I’ve also felt rather isolated. The few moms I’ve met who live close by either have only young children (babies and toddlers) or they send their kids to school. And now that Madeline looks like she should be in school, I’ve always got people asking about why I homeschool. Sometimes I want to tell them, “I have not a clue why.” Or, “Because I’m an insane masochist. Why else?”
But then we go to the pediatric dentist and Madeline politely asks the hygienist if she can sit with her little sister to put her at ease since it’s Rae’s first visit to the dentist. The hygienist says of course and then comes out later and goes on and on about what a kind, empathetic big sister she is and how both of my daughters were an absolute pleasure to be around. “They’re the best patients I’ve ever had,” she says. I suspect this is generous hyperbole, but I can’t help but smile and feel a warm trickle of pride. I can even almost forget that earlier that morning my children were scaling new heights of naughtiness. I watch the two of them, holding hands, and I know that I can’t give up on homeschooling yet. (Not that I’m fool enough to believe that their pleasant behavior is the result of us homeschooling for one stinkin’ week or that if we choose to send them to school, they won’t receive compliments such as these.)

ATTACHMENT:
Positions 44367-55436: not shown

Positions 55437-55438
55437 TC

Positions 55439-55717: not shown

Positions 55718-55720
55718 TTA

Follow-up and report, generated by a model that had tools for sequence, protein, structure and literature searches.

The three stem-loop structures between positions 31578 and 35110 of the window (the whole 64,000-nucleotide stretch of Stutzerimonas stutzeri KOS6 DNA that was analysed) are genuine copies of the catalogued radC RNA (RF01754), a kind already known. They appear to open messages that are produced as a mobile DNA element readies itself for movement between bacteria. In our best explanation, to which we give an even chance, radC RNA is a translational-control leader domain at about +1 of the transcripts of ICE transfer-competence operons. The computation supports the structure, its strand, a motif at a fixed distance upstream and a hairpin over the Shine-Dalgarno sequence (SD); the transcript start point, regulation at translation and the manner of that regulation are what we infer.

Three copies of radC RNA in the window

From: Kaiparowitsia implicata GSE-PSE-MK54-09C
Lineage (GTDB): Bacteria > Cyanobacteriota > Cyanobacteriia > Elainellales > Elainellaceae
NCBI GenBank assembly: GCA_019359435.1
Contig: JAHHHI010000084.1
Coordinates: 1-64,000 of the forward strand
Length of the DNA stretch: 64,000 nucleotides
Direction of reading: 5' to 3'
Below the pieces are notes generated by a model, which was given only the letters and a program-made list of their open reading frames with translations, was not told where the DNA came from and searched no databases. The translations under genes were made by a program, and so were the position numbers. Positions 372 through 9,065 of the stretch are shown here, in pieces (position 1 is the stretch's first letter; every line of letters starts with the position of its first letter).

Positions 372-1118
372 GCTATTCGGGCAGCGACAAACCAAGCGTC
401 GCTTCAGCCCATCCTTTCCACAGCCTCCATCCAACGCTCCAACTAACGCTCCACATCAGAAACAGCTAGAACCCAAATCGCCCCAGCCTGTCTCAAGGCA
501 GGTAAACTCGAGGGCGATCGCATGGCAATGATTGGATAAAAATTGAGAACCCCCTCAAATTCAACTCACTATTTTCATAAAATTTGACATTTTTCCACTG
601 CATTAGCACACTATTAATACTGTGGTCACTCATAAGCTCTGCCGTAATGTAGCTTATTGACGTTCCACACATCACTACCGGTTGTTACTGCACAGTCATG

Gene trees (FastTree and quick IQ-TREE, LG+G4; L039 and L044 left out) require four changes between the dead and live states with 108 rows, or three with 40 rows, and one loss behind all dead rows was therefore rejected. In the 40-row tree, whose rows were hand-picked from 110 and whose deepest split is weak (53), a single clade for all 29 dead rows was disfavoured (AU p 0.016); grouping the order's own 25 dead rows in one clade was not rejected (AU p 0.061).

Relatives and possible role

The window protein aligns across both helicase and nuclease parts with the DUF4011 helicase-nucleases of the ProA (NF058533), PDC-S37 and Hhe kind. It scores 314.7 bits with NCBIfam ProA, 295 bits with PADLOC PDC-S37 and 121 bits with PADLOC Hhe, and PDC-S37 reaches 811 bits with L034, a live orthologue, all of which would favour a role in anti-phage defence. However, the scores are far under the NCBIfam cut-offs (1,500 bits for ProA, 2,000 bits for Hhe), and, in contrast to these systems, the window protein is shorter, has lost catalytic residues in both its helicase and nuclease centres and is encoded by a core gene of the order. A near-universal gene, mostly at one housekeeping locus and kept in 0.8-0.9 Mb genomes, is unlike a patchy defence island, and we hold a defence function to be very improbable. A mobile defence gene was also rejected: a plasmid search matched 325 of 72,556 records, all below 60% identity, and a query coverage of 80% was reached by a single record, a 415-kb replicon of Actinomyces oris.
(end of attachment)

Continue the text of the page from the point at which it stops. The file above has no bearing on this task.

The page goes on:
For me, the greatest benefit of homeschooling does not lie in the ability to tailor academics to my child’s individual needs or even the fact that I can share my faith and marble in virtue into everything we do in the home. What really attracts me about the idea of homeschooling (and I’m learning the idea and reality are often two very different things) is the increased opportunities to strengthen family bonds – how we can all be together more than we ever could be if they were segregated by school. If Madeline was in school, she’d be making a gaggle of friends (she’s an extrovert if there ever was one; she’s lost if she’s not interacting with someone, something). She’d be spending hours away from her little sister, who is an introvert if ever there was one (she prefers playing with just Madeline and sneaks away when too many other children are around). Rae would be lost without her. She once told me that playing with Madeline is what makes her the happiest. “What makes you the saddest?” I asked.